Every day, unless the wind was very strong, the Emperor went out (...) ; He was invariably accompanied by his doctor and his valet. No medal on his jacket (...). He would have himself driven along the road to Antibes or Frejus, invariably returning along a beautiful promenade that runs along the sea and is called La Croisette, (...), with a firm and fast pace. When he met a familiar face on his way, he would stop and, after a cordial exchange with a handshake, he would continue his walk until lunch. A part of the afternoon was devoted to her, Madame Countess of Anjou, on a new drive.

Evenings, with a few close friends, took place around a pool table in the hotel. He could be invited to an elegant party in one of those marvelous Cannes villas. Miss Ruth Mercier, a watercolorist of immense talent, might invite him to an exhibition of her paintings. Or else he was called to a charity work, a concert, the performance of an unpublished play, Dom Pedro never failed to go. The same happened when a renowned artist came to play at the city's theater. He paid for tickets like a mere mortal and, as such, very modest, the best seats were not reserved for him. One night he was satisfied with an isolated seat (...), whose entrance was bristling with irregular marches. More than one spectator was sad, only the Emperor did not seem to care (...).

Photographers and painters approached him incessantly and, so great was his kindness, he always indulged. He was about fifty years old, really very handsome. One day, when he was posing for a painter friend of mine, his majesty said to me in a foreign language, so as not to be understood by the artist:

"Which hands is this man painting, see if they look like mine?"

All those hobbies to which he lent himself out of kindness, and also out of love for everything that was far or near literature and science, did not prevent him from following with interest what was happening under the dome of the Institute. It was when leaving, barely covered, one of the sessions of the Academy of Moral and Political Sciences, of which he was a member, that a shudder gripped him and carried him to his tomb.

As in previous years, if he had taken the sunny path of the Cote d'Azur before the first chills of winter, Dom Pedro would still have been one of the most beloved guests. It should be added that the repercussions of the disturbances that once again shook Brazil reached him more quickly in Paris than on a distant beach, and this was undoubtedly what made him postpone his departure for Cannes. He should live there just for the memory and the void he left there. As I write these lines, friends (...) announce to me with sad surprise that they find less animation in the vicinity of Cannes than in the past and, on the charming promenade of the Croisette, a less lively crowd than in previous years.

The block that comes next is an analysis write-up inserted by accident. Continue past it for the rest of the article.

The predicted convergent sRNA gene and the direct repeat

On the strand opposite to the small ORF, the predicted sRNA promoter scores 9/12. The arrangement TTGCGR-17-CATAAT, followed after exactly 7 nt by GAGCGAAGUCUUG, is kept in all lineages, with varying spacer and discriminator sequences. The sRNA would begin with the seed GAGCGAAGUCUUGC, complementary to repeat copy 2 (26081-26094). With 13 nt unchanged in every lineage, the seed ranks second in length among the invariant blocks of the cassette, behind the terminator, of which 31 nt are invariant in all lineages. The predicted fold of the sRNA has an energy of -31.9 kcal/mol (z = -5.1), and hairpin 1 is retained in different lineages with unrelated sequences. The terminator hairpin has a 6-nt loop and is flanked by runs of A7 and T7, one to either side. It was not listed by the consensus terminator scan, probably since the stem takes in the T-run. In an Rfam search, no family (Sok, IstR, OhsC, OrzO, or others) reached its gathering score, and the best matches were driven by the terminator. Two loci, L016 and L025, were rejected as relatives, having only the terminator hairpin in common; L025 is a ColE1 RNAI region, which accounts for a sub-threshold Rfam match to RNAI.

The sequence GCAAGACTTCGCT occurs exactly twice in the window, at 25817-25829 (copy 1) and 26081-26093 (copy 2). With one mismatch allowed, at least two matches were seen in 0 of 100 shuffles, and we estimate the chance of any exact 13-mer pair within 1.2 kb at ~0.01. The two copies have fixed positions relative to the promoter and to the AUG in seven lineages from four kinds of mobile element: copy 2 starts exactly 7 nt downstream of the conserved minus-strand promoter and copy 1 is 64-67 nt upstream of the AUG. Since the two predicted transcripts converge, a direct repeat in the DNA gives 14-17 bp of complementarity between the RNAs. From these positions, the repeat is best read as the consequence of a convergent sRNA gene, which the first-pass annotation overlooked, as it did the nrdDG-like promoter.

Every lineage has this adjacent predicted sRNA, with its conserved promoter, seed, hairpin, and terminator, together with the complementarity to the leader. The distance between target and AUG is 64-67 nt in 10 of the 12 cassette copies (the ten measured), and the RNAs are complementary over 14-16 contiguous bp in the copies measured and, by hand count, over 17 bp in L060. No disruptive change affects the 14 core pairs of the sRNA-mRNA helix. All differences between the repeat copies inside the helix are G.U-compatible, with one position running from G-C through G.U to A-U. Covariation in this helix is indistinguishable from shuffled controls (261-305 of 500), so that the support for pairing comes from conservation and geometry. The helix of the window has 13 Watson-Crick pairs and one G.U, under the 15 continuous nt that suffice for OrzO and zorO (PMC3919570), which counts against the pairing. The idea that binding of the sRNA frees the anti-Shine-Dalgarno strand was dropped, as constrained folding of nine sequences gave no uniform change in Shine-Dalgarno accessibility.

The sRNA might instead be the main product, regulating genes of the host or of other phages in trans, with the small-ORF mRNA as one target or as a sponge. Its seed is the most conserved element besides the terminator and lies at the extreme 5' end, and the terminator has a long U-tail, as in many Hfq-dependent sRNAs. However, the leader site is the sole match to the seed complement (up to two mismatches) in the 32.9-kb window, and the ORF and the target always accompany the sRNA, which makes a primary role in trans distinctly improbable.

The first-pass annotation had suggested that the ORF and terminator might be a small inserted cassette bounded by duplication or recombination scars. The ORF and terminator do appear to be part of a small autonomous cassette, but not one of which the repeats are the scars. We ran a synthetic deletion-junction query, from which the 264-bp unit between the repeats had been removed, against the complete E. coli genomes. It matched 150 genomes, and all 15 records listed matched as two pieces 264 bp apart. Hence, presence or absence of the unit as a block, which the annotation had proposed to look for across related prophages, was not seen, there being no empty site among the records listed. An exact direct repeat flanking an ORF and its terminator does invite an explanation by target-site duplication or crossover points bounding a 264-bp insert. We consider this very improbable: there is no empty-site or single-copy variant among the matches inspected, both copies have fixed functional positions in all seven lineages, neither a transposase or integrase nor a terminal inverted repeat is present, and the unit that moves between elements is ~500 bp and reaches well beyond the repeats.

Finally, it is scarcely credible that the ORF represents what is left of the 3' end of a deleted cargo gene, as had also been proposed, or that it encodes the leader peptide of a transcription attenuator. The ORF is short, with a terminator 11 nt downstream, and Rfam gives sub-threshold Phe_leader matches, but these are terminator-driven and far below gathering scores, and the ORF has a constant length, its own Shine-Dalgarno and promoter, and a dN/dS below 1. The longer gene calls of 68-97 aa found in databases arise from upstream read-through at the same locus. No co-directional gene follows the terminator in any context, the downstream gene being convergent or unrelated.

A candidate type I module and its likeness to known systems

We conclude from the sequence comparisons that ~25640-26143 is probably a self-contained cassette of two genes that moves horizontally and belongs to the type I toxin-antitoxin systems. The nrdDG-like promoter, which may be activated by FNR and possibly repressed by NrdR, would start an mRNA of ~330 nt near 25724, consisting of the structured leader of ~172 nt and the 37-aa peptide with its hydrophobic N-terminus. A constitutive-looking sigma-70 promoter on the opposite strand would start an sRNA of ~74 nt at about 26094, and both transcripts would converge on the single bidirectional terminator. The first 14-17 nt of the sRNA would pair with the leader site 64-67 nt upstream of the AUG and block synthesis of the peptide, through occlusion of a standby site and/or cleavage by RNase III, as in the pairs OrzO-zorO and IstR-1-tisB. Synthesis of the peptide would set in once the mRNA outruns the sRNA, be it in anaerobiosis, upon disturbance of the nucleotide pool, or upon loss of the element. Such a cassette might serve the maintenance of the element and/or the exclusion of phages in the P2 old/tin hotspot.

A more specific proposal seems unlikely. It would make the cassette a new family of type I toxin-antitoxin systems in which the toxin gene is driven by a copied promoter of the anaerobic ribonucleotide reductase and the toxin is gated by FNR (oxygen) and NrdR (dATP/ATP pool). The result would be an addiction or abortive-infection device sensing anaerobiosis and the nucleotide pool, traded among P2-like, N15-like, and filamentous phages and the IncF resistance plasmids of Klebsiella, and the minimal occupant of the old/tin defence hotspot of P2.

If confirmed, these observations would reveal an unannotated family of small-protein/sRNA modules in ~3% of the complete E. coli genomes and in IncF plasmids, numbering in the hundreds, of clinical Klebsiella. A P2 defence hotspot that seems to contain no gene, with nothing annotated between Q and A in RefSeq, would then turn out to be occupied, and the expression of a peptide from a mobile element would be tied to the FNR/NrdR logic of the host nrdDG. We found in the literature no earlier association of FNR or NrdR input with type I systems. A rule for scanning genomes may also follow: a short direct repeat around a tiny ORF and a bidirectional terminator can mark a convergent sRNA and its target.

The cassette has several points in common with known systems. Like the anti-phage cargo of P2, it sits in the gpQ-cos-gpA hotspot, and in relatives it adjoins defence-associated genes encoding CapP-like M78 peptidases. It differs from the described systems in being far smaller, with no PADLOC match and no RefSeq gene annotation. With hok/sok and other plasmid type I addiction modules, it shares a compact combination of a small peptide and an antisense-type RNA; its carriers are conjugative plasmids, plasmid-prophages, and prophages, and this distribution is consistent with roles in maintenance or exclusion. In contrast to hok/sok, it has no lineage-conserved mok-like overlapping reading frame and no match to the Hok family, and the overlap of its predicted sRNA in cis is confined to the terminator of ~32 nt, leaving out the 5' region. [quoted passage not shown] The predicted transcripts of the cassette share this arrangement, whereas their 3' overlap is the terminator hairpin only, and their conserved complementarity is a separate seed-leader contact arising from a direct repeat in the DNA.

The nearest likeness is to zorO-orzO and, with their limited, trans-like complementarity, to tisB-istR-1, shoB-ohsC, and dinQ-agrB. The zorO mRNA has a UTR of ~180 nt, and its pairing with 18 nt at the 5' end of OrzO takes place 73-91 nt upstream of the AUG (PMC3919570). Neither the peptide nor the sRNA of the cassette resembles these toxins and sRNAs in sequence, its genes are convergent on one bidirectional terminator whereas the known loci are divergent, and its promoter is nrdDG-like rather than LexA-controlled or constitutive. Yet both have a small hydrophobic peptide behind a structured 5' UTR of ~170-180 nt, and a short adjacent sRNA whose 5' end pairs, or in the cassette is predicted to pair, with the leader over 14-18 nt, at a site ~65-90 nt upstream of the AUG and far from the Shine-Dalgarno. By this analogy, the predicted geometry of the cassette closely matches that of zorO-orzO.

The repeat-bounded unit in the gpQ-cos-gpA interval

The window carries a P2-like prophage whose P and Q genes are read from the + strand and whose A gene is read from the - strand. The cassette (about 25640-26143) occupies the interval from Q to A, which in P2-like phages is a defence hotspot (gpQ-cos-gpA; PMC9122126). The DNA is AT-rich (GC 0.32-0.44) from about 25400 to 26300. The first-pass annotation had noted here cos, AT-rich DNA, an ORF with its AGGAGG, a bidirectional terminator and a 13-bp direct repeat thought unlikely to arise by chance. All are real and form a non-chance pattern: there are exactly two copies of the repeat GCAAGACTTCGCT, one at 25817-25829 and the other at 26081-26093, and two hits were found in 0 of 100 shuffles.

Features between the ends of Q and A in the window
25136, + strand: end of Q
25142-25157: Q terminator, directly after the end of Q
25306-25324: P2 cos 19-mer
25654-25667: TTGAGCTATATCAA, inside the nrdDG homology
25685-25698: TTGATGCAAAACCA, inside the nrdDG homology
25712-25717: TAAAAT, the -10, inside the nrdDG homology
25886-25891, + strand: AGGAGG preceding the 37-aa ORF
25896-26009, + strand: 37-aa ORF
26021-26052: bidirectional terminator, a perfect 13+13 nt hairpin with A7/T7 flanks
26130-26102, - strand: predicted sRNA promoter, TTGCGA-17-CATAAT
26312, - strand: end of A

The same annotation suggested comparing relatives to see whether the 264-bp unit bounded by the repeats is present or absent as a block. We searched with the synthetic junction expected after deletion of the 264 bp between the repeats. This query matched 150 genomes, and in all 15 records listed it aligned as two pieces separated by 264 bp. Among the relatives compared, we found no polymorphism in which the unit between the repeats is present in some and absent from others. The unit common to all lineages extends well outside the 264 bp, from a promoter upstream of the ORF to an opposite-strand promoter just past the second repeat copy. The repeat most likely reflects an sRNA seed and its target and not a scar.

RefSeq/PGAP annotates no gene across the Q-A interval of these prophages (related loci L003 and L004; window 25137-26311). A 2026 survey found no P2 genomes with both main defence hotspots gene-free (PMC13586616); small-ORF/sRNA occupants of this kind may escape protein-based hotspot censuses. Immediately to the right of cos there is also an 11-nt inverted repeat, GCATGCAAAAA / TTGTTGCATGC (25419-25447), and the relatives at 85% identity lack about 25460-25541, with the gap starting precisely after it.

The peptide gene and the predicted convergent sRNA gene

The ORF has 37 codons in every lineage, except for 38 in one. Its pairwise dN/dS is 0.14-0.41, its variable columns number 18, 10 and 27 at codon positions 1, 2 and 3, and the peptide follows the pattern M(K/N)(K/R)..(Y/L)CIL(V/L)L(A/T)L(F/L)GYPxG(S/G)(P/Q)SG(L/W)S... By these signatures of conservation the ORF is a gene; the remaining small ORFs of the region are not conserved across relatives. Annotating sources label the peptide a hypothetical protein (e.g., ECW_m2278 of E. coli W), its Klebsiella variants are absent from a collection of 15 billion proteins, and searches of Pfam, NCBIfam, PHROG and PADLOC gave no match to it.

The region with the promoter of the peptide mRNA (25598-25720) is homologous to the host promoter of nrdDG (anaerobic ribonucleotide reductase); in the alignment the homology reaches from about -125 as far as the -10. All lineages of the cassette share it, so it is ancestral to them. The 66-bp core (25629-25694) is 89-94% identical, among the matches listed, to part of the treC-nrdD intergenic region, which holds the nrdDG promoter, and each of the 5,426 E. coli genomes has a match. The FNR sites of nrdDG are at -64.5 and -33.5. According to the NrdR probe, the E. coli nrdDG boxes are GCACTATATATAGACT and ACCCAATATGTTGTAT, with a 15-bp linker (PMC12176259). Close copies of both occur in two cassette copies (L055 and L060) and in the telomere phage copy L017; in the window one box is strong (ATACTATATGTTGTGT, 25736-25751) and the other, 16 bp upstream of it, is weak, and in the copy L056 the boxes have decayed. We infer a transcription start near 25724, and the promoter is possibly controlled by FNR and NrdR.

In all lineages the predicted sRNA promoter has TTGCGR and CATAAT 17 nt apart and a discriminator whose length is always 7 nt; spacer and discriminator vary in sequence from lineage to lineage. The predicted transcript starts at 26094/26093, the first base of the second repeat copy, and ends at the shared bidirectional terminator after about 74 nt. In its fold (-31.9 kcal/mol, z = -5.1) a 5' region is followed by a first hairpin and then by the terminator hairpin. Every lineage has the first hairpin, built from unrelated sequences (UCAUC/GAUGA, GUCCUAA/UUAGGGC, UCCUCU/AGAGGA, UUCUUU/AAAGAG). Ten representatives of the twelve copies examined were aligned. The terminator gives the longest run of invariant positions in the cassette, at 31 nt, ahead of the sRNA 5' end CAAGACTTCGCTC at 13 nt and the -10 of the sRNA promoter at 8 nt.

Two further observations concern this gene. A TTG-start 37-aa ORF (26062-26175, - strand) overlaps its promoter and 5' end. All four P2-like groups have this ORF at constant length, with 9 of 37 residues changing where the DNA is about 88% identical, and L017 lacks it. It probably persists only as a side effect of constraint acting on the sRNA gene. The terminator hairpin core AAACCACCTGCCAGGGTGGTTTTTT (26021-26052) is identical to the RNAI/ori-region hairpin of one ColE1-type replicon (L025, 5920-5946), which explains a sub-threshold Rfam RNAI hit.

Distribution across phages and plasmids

The absence or departure of a person, even the Emperor of Brazil, certainly cannot be the cause of the emptiness that my friends perceive. However, when every day, at the same time, on the same walk and for years, the eyes have become accustomed to meeting a beloved face, or one of those august personages who, like Don Pedro, inspire sympathy, it is natural that the habit ceases. , we feel sadness as a great emptiness for the heart.

Edmond Planchut was a journalist and adventurer, a close friend of the brilliant and scandalous French writer George Sand (1804 - 1876) and her daughters. Sand was a pioneering feminist that Dom Pedro II admired, which Princess Isabel disapproved of, as evidenced by a letter from her to her father: "Not a line for me, and find time to go visit George Sand, a woman of great talent, is true, but also so immoral! (...) No matter how little incognito it may be, one always knows who Don Pedro de Alcântara is, and mustn't he be, above all, a good Catholic and, therefore, keep the what is immoral?"

This text is a precious testimony about the Emperor of Brazil, written by someone who lived directly with him in Cannes, for months, in the south of France. The emperor's simple tastes and modesty, despite his prestige and immense culture, his admiration for the writers George Sand and Victor Hugo, the pleasure of coming to Cannes for long walks, his longing for Brazil and its people and, finally, the circumstances of his death and the impact it had on France call the attention of the reader who has this exceptional document in his hands.